Keep in mind that just because you don’t see termites does not mean your property is safe from infestation. Subterranean termites live in colonies that can house hundreds of thousands of termites. They work 24 hours a day and are often difficult to detect since 80 percent of the wood they eat is hidden within the structure.
How long does it take to eliminate or control a termite colony with bait?
Individual termites can be affected within a few days after consuming the bait, but it may take several months before an entire colony is controlled or eliminated. This varies depending on the time of year, geography, the number of termites in the colony, the number of colonies infesting the structure and the species of termite.
How do I control termites and avo >
There are many effective options based on the type of termites found at your home. Terminix recommends a Termite Inspection in order to determine the best method and treatment plan. Liquid treatments use applications to the soil at potential entry points into the structure. As the termites forage for food sources, they come into contact with the treatment area if they try to enter the structure.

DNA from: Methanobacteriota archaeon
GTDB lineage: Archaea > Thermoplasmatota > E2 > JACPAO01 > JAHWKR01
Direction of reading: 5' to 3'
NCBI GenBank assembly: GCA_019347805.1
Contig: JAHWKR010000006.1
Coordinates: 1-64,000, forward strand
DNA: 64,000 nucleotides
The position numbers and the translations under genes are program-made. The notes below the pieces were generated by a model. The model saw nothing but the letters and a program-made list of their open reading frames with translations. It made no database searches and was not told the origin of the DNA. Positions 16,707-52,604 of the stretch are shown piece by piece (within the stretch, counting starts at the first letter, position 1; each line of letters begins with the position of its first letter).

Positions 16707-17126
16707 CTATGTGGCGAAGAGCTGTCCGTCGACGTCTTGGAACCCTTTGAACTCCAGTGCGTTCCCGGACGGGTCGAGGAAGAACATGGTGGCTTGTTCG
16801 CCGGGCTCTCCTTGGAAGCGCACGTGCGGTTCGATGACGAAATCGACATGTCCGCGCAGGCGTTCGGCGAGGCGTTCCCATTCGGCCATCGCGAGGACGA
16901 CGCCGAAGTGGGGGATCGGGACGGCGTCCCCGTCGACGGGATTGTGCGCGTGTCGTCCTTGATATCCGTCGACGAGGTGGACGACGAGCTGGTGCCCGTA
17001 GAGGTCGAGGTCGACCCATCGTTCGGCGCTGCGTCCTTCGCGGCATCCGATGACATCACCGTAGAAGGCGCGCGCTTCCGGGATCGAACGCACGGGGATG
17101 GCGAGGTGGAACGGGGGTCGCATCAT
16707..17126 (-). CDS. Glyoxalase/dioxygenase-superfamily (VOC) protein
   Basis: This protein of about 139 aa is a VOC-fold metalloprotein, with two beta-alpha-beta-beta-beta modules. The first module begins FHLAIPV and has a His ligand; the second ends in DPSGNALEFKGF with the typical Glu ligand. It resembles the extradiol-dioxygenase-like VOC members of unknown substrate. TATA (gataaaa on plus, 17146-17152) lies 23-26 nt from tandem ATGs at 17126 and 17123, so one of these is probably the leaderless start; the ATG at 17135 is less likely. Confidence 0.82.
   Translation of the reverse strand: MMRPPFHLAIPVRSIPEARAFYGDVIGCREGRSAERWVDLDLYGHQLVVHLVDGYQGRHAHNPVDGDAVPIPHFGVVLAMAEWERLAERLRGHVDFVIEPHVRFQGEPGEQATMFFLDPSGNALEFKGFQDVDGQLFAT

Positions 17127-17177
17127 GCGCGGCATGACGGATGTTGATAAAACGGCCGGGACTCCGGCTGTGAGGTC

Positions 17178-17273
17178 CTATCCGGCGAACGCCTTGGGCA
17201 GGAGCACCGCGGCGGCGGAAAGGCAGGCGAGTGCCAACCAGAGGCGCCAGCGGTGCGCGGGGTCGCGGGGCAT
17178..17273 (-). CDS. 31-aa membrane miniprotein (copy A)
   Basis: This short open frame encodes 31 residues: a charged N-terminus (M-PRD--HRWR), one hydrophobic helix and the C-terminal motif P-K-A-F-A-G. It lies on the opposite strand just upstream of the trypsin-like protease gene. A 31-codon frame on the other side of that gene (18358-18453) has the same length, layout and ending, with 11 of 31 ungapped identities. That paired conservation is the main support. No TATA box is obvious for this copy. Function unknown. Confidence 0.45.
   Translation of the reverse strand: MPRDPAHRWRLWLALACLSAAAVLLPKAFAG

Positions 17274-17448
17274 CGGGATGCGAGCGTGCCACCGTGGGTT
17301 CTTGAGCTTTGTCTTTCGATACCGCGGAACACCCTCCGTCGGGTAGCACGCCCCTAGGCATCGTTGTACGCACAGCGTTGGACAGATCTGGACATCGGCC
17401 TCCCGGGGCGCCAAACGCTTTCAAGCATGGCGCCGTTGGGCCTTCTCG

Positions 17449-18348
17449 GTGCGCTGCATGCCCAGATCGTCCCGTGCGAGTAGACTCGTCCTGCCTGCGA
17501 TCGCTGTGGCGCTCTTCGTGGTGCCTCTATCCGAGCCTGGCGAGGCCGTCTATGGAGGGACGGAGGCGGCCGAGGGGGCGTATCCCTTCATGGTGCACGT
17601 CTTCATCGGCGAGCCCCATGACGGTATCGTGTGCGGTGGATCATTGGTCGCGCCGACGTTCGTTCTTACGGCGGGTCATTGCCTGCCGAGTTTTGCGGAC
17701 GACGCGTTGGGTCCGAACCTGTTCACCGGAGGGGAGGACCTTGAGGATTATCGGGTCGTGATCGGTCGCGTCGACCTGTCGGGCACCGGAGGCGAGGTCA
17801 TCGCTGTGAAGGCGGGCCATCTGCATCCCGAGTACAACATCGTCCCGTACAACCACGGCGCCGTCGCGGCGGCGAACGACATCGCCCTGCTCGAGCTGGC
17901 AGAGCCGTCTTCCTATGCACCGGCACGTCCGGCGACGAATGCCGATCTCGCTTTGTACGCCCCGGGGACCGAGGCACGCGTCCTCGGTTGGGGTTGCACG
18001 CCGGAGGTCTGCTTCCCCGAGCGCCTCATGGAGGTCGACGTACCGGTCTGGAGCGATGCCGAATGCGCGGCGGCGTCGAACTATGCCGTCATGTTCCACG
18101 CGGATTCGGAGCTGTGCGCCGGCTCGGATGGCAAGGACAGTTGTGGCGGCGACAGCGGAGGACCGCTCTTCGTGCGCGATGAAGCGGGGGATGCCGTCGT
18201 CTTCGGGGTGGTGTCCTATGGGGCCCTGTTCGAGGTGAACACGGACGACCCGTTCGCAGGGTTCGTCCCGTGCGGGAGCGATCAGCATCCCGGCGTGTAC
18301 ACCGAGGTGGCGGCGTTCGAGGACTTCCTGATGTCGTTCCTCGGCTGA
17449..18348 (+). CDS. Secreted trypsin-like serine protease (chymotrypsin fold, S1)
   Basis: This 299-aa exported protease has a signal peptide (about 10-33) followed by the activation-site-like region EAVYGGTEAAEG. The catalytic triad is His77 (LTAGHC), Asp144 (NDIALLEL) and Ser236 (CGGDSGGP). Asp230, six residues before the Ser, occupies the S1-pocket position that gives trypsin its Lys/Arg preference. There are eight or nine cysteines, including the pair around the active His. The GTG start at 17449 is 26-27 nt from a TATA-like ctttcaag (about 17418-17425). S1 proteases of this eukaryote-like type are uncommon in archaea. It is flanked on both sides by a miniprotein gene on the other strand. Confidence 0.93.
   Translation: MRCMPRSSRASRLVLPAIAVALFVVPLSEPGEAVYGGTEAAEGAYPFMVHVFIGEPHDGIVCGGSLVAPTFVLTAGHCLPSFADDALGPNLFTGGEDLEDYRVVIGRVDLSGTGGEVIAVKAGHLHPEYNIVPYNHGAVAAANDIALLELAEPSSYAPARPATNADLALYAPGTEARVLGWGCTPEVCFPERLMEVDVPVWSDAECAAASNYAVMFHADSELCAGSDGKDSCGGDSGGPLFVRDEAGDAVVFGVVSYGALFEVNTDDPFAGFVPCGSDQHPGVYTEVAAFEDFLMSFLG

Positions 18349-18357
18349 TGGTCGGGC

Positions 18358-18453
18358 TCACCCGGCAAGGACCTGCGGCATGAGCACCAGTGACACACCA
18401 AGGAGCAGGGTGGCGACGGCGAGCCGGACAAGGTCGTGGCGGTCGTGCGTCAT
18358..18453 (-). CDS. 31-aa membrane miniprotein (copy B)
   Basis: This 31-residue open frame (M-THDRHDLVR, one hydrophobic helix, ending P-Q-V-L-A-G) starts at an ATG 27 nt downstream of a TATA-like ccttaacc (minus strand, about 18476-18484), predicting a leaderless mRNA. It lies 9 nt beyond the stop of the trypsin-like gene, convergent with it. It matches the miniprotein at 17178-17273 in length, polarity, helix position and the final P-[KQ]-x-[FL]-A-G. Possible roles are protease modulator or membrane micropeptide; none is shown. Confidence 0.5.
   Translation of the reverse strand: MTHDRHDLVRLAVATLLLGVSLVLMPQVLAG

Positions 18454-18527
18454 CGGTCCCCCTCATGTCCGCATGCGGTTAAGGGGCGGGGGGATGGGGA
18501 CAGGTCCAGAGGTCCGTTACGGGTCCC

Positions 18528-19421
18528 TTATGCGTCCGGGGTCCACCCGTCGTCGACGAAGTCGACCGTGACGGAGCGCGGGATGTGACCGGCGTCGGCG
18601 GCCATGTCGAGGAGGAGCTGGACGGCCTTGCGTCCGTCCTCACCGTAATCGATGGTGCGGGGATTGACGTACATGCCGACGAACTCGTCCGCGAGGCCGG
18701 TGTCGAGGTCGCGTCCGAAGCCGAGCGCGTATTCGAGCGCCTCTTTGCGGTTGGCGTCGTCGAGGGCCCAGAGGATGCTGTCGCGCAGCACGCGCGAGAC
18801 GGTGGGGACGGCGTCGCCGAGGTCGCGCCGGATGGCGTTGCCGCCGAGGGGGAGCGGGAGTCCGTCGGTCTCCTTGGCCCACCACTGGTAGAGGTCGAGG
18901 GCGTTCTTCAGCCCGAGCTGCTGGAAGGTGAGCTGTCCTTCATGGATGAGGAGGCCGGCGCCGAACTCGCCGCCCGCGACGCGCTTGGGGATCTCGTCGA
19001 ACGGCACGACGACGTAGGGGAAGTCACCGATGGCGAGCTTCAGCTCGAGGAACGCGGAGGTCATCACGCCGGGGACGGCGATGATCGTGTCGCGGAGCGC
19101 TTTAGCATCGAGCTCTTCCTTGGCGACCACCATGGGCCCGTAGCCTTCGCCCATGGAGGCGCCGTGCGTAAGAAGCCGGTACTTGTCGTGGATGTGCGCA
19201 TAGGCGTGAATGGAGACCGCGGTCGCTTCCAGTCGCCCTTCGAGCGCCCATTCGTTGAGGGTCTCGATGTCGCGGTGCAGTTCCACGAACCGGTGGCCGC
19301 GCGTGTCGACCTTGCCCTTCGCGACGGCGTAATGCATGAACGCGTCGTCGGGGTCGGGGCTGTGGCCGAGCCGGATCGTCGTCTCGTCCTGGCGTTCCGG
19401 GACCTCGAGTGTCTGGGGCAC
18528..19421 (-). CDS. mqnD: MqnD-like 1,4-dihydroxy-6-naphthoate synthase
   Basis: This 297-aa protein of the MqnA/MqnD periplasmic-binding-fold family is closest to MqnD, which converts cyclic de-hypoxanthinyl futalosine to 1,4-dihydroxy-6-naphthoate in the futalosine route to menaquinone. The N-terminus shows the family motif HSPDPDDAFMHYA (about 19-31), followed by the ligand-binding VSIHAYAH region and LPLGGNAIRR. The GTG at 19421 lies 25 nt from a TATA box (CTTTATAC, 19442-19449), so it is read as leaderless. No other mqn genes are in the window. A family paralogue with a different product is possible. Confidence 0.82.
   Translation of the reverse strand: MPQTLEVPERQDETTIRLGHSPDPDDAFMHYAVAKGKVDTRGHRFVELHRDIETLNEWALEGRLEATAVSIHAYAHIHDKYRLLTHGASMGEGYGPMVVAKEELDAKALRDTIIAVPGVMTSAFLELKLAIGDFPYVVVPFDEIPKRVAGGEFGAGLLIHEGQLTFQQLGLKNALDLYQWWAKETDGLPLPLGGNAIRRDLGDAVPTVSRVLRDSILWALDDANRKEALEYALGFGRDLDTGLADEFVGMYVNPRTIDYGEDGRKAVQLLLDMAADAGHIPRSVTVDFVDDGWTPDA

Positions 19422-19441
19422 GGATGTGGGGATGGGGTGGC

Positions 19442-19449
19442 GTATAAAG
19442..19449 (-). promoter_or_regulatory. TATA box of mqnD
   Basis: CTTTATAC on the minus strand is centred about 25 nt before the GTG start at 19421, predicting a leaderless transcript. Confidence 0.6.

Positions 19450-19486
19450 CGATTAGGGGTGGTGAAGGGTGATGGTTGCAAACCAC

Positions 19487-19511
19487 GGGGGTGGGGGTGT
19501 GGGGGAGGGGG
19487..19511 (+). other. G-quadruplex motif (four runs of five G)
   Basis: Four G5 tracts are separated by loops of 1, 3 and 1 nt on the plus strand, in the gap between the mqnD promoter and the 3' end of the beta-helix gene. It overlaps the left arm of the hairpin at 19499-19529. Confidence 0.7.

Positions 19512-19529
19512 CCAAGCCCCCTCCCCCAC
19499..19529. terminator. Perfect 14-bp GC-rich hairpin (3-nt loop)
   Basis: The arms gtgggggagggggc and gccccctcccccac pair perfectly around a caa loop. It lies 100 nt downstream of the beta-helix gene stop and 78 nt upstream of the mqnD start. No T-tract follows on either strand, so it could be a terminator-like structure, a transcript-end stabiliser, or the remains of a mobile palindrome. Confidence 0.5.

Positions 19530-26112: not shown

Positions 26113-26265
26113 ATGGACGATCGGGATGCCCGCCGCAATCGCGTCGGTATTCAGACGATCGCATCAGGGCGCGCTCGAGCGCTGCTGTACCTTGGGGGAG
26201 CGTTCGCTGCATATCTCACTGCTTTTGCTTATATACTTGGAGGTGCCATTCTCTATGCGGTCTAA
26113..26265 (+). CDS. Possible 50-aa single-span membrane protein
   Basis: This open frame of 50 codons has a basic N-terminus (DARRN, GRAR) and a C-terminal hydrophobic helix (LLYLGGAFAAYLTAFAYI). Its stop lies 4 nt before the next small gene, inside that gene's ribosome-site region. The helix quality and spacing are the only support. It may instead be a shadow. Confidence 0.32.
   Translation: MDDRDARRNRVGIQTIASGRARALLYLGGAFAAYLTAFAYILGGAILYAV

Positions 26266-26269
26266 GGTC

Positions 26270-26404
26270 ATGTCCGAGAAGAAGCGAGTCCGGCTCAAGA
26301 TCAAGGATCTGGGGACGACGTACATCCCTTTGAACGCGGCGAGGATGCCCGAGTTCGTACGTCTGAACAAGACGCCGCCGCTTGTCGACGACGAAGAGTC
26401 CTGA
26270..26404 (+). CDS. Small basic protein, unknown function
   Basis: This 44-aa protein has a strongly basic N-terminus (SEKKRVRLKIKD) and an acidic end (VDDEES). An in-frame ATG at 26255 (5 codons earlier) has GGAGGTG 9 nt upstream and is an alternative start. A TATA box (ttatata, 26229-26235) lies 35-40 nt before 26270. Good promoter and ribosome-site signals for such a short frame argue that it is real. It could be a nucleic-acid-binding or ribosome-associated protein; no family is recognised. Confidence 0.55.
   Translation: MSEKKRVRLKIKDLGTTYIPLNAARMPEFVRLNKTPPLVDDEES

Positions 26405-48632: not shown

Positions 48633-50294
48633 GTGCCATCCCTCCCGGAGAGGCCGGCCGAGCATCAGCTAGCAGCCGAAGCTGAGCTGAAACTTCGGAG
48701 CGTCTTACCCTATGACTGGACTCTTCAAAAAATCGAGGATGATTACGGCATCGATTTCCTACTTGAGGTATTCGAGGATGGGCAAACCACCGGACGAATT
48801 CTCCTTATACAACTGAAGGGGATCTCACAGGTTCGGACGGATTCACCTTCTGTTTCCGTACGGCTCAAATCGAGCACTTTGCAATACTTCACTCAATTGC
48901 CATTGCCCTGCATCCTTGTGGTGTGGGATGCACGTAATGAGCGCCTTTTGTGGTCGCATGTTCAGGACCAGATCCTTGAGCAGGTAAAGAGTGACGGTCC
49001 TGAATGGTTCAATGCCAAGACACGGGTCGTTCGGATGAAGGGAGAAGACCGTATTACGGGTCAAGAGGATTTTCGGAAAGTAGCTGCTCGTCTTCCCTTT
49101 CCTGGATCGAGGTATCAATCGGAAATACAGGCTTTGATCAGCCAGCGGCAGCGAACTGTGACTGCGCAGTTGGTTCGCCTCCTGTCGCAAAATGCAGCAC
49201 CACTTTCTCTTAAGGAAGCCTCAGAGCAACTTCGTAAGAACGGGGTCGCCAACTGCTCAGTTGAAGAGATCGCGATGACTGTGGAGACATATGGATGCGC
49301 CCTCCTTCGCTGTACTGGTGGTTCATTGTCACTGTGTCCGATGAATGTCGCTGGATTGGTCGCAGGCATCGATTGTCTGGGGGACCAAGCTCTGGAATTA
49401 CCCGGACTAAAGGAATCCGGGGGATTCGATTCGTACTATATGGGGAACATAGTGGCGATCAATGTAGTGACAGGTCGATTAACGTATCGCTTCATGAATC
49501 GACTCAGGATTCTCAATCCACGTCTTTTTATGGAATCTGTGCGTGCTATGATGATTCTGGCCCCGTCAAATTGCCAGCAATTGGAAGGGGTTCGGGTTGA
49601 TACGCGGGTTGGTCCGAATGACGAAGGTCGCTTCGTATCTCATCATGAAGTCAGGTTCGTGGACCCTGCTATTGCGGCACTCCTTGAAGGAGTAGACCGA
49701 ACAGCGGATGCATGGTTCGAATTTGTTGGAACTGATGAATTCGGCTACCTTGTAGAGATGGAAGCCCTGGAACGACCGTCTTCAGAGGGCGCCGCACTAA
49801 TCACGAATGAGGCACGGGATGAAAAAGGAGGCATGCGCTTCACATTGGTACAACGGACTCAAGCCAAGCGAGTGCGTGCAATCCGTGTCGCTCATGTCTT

Soil treatments are intended to control termites for extended periods of time, although they may be breached because of physical disturbance of the treatment zone (landscaping activities, construction, erosion), tree roots growing through the treatment zone and natural degradation of the termiticide, among others. For these reasons, most termite control treatments are available with renewable guarantees.